Caveat: My employer is one of the largest players in the social media marketing space. This post does not necessarily mirror my company’s viewpoints and constitutes my own opinion.
Yesterday, there were some statistics released by Inside Facebook with the requisite commentary from several other media outlets. Here’s one such commentary from Business Insider. And here is the set of data from Inside Facebook. What does this mean for marketers?
I’ve gotten floods of forwarded headlines in my inbox from colleagues with things like “Has Facebook Peaked?” and “Has Facebook Finally Jumped the Shark?” and “Is Facebook Doomed?”
Let’s not get too carried away.
Basically, the good news for Facebook and marketers spending money on Facebook, is that the service is still growing overall. It is nearing 700 million users, in fact. To call that sizable and impressive would be an understatement.
The not-so-good news is that overall growth is slowing and that the service is actually losing users in key territories, most notably the United States, Canada, UK, Norway and Russia. More than offsetting those losses, the service added users in territories like Mexico, India, Brazil and Indonesia.
Obviously, the caveat to these numbers are the variety of factors that happen on a month to month basis like seasonality, college graduations, and other things that can affect them not systematically. So the month to month trend is much less important to look at; instead, we’ll really need to look at these numbers in a couple months.
Do I think Facebook has reached its peak? No. Do I think some of the user losses in key countries, notably the U.S. and Canada is concerning? A little bit, yes. The reason why it is only a little is that it is impossible for a business to grow all the time. Especially with the meteoric growth rate Facebook has had. There will be peaks and valleys in their ramp up, and like I said some seasonality involved, and some people who early-adopted who don’t care for the service anymore. All of this is normal in the life cycle of a business, and especially a digitally-based business.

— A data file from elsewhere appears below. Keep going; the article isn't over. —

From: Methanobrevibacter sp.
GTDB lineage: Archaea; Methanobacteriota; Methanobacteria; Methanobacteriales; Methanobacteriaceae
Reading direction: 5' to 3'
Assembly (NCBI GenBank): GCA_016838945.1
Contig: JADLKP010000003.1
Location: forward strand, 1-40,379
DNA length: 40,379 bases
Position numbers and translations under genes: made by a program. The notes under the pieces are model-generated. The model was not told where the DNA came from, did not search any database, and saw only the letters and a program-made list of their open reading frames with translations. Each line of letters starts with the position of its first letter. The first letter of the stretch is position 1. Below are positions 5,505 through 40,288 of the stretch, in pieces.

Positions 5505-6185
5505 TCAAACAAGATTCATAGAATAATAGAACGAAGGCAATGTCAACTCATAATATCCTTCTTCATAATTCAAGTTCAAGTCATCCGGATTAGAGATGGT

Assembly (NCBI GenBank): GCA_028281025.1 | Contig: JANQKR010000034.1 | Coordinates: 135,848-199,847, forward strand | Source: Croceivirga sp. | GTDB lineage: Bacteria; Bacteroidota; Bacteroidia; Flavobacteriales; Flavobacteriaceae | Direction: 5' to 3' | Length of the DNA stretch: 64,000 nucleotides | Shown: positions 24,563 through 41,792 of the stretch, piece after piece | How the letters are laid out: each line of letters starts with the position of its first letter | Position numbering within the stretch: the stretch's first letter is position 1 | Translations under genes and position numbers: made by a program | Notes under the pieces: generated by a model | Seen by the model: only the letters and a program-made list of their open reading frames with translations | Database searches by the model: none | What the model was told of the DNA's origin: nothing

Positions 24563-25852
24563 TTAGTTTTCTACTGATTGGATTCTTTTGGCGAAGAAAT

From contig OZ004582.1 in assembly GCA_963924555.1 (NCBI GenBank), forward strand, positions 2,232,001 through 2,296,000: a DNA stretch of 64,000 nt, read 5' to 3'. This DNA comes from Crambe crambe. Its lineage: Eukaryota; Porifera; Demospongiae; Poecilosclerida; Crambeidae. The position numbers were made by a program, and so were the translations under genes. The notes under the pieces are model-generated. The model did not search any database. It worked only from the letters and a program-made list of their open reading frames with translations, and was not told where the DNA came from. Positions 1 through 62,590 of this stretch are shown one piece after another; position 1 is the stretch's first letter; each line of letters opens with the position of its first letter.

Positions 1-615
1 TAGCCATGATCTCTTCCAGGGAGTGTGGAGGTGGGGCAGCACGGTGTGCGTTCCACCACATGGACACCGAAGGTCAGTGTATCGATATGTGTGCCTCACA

One colleague of mine immediately responded to these statistics with something along the lines of “MySpace Round 2″. Again, I wouldn’t go that far. I do think like any other business, there are early adopters and in this case hordes of early adopters. There is a honeymoon period, which Facebook has been in for years. Then there is a plateau, because no website or business can be all things to all people forever. Before we make any major long-term conclusions, let’s just watch the data for another month or two.
What I would REALLY like to see is a comparison of time spent on Facebook, rather than number of users, since that would be what most people and most marketers should care about. In other words, if I wanted to market my product or service on Facebook, I would immediately know there is no way I’d want to market it to all 700 million users anyway, but rather a much smaller subset of that number. Even if the number of users dropped to, say, 600 million, it wouldn’t matter to me. Or even 200 million. As long as the subset of people I was marketing to was still engaged and usage and time spent on the site were still holding firm with my audience, I’d be happy. I haven’t seen those statistics released publicly, but I believe those figures will be a lot more telling than just a drop in users in a couple key countries. Whole numbers of users isn’t something I would necessarily care about since I wouldn’t be targeting everyone anyway. If time spent and actual engagement was dropping, in addition to users, then that could be something more of a tell-tale sign.
But, like I said, we will have to keep watching it for at least a few more months. For now, I wouldn’t at all say anything has been lost from the standpoint of marketing and the potential value of the service to advertisers on Facebook.